It is in this sense that Vampyr can be said to resemble music. The action that is represented and the process of representing that action have been collapsed into one, so that the time it takes the events we see to elapse and the time it takes to show us those events are one and the same. What Vampyr narrates, we might say, is the occurrence of the events that compose it, in the very instant that it is narrating the events themselves.
The result, in this case, is a tension. Vampyr exists as a movement by means of which whatever is imaged is abolished; and yet whatever is abolished is sustained, since the being of the thing is taken up into the being of the image. The world of the film is peopled by beings who are at once present and yet somehow shadowy, almost inhuman, monstrous. It is a world in which death may be said to have doubled the impulse to life.
Living dead in The Beyond
If we are to accord this way of thinking due weight and seriousness, then we must recognise that art of this kind has come upon states of mind and modes of experience that are accessible only by virtue of a unique employment of image and narrative, similar to that of the post-symbolist poetry of TS Eliot or WB Yeats. What this kind of experience gives onto is the true horror, the horror of the uncanny and the fantastic.
It is the return of being in negation, the impossibility of death, the universality of existence even in its annihilation. It appears to us in the obsessions and insomnias of the night, and it is fear of being, not fear for being, the fear of death. It is the experience of living death. And we find it explored in Lucio Fulci's The Beyond.
Released by Fulvia Film (Rome) in 1981, the film takes up the motif of the gateway to hell from Michael Winner's The Sentinel (1976) and living dead imagery based on George Romero's first two zombie films (Night of the Living Dead  and Dawn of the Dead ). Here are some of the major points of the narrative, which opens in Louisiana, 1927. A posse, bearing torches, rifles and chains, is rowing across a lake towards an isolated hotel. Inside the hotel, Schweik (Antoine Saint-John), an artist, is completing an indistinct landscape, littered with grey shapes, perhaps corpses.
The men burst into the hotel and seize him, the leader of the group accusing him of being a warlock. They beat him mercilessly across the face with a heavy chain. They then take him to the hotel's cellar, crucify him and throw acid over his head, watching him as he dissolves in agony. At the same time, a young woman, Emily (Cinzia Monreale), is reading from the Book of Eibon, which contains ancient prophecies concerning the seven sacred gateways into hell. Schweik is then walled up.
In 1981, Liza Merril (Catriona MacColl) arrives from New York to claim the hotel, which she has inherited. On the way, Liza meets Emily, who now is blind. Emily takes Liza to the house where she lives, and warns her to leave immediately. Instead Liza decides on the hotel's renovation. At the same time, Martha (Veronica Lazar), the hotel's Mrs Danvers-like housekeeper, guides a local plumber named Joe (Giovanni De Nava) towards the far end of the hotel's cellar, which is flooding, to find out where the water is coming from. He knocks down the wall entombing Schweik's body, and is killed by a hand that reaches out and seizes him.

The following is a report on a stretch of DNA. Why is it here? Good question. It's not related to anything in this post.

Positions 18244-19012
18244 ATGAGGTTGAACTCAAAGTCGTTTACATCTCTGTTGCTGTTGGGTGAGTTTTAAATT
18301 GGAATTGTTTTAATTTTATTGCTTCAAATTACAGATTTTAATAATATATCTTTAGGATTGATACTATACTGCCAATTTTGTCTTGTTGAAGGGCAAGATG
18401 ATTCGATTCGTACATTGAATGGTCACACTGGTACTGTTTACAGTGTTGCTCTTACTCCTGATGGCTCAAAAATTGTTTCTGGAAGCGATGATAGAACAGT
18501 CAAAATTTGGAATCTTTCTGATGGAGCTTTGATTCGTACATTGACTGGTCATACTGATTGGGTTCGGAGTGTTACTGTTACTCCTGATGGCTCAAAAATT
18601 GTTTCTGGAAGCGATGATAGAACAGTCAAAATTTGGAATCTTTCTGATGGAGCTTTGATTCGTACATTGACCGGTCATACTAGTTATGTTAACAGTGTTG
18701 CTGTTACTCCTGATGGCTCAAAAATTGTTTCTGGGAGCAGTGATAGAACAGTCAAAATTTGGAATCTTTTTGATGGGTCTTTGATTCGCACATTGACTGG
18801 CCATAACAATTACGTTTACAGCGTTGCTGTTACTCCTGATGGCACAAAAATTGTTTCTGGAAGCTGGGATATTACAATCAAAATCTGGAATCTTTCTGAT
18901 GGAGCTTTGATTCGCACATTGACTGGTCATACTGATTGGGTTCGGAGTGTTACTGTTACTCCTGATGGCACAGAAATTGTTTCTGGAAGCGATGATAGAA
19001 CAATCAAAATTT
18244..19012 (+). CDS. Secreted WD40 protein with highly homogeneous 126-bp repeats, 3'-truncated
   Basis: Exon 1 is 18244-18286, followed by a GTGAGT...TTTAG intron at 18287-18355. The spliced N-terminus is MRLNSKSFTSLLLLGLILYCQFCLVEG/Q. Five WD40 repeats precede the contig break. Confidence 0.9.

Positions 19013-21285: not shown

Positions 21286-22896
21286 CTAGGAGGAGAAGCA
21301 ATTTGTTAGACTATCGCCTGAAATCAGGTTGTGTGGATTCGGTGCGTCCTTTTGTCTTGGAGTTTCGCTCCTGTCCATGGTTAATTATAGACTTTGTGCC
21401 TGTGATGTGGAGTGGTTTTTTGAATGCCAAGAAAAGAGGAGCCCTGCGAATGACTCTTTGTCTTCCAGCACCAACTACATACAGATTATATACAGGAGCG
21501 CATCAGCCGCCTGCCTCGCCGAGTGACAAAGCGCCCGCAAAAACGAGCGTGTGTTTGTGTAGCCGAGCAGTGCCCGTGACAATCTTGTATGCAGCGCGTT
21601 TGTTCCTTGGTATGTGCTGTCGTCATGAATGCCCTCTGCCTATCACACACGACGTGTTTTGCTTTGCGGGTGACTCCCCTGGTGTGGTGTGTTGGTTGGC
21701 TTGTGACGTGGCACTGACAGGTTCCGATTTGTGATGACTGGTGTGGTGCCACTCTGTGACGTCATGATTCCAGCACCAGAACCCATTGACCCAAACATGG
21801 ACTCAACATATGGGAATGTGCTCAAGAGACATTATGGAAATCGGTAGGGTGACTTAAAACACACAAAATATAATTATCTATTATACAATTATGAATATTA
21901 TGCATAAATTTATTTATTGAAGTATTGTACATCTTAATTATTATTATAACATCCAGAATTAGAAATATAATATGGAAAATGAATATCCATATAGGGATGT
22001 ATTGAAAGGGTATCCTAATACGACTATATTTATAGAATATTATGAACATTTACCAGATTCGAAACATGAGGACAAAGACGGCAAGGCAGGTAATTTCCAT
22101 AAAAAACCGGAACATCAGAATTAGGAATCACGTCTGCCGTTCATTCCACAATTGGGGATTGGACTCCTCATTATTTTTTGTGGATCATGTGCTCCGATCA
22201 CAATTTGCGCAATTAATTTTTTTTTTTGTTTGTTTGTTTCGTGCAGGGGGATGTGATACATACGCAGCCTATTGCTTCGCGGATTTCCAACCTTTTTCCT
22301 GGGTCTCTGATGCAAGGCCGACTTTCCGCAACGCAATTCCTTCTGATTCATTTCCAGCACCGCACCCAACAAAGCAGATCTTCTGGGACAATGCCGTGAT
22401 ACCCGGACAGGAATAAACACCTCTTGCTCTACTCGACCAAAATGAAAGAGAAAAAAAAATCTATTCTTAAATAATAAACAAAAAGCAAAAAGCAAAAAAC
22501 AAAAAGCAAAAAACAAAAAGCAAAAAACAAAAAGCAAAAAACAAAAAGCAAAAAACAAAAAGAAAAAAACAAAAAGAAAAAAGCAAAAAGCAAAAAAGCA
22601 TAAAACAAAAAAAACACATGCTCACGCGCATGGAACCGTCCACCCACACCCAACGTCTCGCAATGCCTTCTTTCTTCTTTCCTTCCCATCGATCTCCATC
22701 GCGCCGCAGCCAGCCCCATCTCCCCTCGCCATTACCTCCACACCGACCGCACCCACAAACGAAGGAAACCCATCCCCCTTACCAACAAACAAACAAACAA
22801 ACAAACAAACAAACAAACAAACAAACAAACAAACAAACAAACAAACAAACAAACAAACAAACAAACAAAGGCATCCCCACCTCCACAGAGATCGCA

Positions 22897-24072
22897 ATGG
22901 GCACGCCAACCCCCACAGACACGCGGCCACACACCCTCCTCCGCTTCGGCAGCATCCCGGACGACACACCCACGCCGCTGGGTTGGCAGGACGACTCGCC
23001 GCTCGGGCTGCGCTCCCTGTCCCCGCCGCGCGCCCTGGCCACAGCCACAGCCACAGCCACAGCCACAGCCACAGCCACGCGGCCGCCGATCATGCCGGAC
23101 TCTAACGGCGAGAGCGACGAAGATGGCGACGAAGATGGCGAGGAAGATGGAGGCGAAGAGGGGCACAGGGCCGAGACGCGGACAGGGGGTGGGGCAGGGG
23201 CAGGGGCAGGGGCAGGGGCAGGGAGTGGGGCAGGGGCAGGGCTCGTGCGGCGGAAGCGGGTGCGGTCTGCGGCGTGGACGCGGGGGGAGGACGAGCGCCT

Mary-Ann (Laura De Marchi), Joe's wife, goes to the hospital mortuary to prepare her husband for his funeral, when she stumbles and falls, lying unconscious at the foot of a cupboard, on top of which stands a large bottle of acid. The bottle falls forward, spilling its contents over her head, which dissolves into a sea of bloody foam.
John McCabe (David Warbeck), a doctor, investigates Emily. He goes to her house, only to find it in ruins. Here he discovers the Book of Eibon and reads in it that the hotel stands on one of the seven gates of hell. In the hotel, Martha is cleaning the bathroom of Schweik's former room. She puts her hand into a bath of foul black water, and frees the plug. As the water drains away, Joe arises from the water, and drives Martha back, impaling her head on a large nail sticking out of the wall.
Schweik appears before Emily, summoning her back to hell. She refuses to obey. Her guide dog tears out her throat. Liza is set on by the dead in her hotel, but escapes with McCabe to the hospital, pursued by "living" corpses from the morgue. They escape down to the basement, only to find that they are back in the cellar of the hotel. They pass through the gap in the cellar wall, and enter a landscape that seems everywhere the same. It is the landscape of the painting that Schweik completed at the time of his destruction, and it is the site of hell.